Mom’s Surgery – Part II

When I met my parents for lunch in Sacramento on Monday, Mom was irritated and in a foul mood. They had made the three and a half hour drive for a doctor appointment at Kaiser, a supposedly necessary connection to set a surgery date at UC Davis.

Except that Kaiser refused to do any such thing. UC Davis? They simply claimed not to know what Mom was talking about. Despite what my parents may have been told at Kaiser in Fresno, Kaiser in Sacramento insisted that they don’t schedule surgery at UC Davis. Any surgery would have to be done at Kaiser’s own hospital in Sacramento. And anyway, there were no available surgery dates for months.

Understandably, Mom wondered which Kaiser facility was lying to her. I voted for Sacramento on that score. Why would Kaiser in Fresno tell her that the surgery could be done at the respected teaching hospital at UC Davis if that were not true?

Answer: To shut my sister up. Sis had driven down to support Mom at her gynecology appointment at Kaiser in Fresno a few weeks ago. Mom related that Sis and the doctor got along famously, Sis rambling on about her work as a sonographer. But Mom’s medical record betrayed a different story. Mom only found out because the doctor in Sacramento inexplicably read aloud the part of the record characterizing Sis as a meddler unhappy with her mother’s care. I can only conclude that the nonexistent Davis option was the Fresno doctor’s way of mollifying Sis. When Mom reported this to my sister, the latter got on the phone to Kaiser in Fresno to complain, only to be told that she must have misunderstood.

So Davis is out. I suggested to Mom that if she was going to have the surgery at Kaiser, she might as well have it done at their Fresno hospital, where she’d be close to home. No, she told me, apparently the surgery that she needs to remove her teratomas is sufficiently specialized that Kaiser does not do it in Fresno.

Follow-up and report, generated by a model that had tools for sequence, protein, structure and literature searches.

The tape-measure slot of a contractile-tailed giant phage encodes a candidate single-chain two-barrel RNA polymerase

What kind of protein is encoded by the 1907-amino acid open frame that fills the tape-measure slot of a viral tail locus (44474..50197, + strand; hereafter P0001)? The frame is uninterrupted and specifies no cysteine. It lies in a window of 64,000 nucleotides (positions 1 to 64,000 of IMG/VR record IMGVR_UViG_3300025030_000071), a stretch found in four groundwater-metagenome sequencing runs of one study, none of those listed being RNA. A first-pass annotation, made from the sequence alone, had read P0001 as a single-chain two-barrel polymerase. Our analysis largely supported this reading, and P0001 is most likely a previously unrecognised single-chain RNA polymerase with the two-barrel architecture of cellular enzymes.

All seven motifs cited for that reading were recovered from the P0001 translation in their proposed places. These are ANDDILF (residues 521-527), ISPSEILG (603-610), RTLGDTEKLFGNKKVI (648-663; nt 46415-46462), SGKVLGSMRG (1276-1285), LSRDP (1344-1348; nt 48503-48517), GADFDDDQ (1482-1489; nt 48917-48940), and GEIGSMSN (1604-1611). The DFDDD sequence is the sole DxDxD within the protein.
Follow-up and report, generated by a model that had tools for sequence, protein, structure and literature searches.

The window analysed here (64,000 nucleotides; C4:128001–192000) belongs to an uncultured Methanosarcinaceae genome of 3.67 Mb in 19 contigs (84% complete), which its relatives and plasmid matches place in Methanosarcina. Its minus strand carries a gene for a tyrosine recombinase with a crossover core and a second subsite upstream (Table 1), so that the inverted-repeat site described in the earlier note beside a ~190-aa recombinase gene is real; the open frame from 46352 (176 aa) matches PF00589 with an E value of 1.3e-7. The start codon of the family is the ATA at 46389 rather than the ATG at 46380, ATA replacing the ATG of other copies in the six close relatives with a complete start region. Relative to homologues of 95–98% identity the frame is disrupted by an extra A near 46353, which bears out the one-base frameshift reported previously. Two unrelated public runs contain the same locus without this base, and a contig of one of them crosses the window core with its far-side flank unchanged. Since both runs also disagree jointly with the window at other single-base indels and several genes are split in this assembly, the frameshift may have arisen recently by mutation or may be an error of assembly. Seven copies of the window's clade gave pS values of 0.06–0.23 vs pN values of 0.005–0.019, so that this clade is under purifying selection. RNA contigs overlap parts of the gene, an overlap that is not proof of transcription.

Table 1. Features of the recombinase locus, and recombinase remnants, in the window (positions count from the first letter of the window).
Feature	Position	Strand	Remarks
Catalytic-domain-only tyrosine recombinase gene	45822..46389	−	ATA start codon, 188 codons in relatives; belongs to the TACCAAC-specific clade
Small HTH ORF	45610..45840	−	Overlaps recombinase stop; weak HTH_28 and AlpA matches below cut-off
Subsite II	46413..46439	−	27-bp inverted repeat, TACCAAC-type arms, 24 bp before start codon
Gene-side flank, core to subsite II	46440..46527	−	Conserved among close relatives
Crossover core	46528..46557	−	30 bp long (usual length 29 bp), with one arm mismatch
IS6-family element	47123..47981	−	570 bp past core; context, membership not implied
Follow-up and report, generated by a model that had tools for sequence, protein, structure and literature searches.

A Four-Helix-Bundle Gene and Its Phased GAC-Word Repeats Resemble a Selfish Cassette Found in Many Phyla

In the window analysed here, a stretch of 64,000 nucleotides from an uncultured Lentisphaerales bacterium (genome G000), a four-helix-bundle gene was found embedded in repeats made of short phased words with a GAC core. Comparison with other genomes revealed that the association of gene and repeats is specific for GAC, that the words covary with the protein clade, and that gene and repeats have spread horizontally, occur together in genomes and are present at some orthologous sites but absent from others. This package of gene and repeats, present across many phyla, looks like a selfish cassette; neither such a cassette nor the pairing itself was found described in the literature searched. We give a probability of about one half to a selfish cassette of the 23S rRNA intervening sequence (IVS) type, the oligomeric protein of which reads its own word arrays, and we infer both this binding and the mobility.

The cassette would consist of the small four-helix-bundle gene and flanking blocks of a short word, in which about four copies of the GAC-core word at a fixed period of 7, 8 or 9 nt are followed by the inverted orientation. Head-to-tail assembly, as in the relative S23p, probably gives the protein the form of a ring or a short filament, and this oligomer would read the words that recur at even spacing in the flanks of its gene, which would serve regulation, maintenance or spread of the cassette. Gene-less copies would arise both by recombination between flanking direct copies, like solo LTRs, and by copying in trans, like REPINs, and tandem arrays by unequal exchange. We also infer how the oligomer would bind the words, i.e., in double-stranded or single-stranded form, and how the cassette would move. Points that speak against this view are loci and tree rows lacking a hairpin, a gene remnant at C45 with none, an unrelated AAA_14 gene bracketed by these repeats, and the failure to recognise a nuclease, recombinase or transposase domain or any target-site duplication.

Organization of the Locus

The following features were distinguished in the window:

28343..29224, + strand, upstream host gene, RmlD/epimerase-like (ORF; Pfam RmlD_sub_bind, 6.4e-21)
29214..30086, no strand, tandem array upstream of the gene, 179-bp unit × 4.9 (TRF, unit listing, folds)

The surgeon in Sacramento, whom Mom characterized as a young kid “who I wouldn’t hire as a waitress,” never shut up for a minute and never let Mom get a word in edgewise. To add further ambience to our lunch, Mom was fighting with Dad (what else is new ::eye roll::), who she insisted had consistently sided with the young floozie against her.

The next day, Mom was informed that a cancellation had resulted in an available surgery appointment on October 1 at Kaiser’s Sacramento hospital. Since it falls on a Tuesday, Mom agreed. Any day but Friday. “People die when they have surgery on Friday,” she explained.

The only problem is that Mom’s scheduled surgery falls on Rosh Hashannah, the Jewish New Year (one of our High Holy Days). Mom was clearly conflicted about this, but I assured her that she had made the right decision. She’s been feeling pretty lousy lately and, well, that’s when a surgery date was available. Waiting months for the surgery just to avoid the holiday made no sense to me.

The young surgeon opined that she could do the surgery laparoscopically, getting Mom sprung from the hospital after just an overnight stay. I am not sure why I am a bit skeptical. Regardless, my parents will be arriving next weekend, sleeping on the blow-up mattress in our living room. Pre-op is Monday, then surgery on Tuesday. I have arranged for some time off work and will be chauffeuring them the 45 minutes each way to Sacramento for the duration, however long that may turn out to be.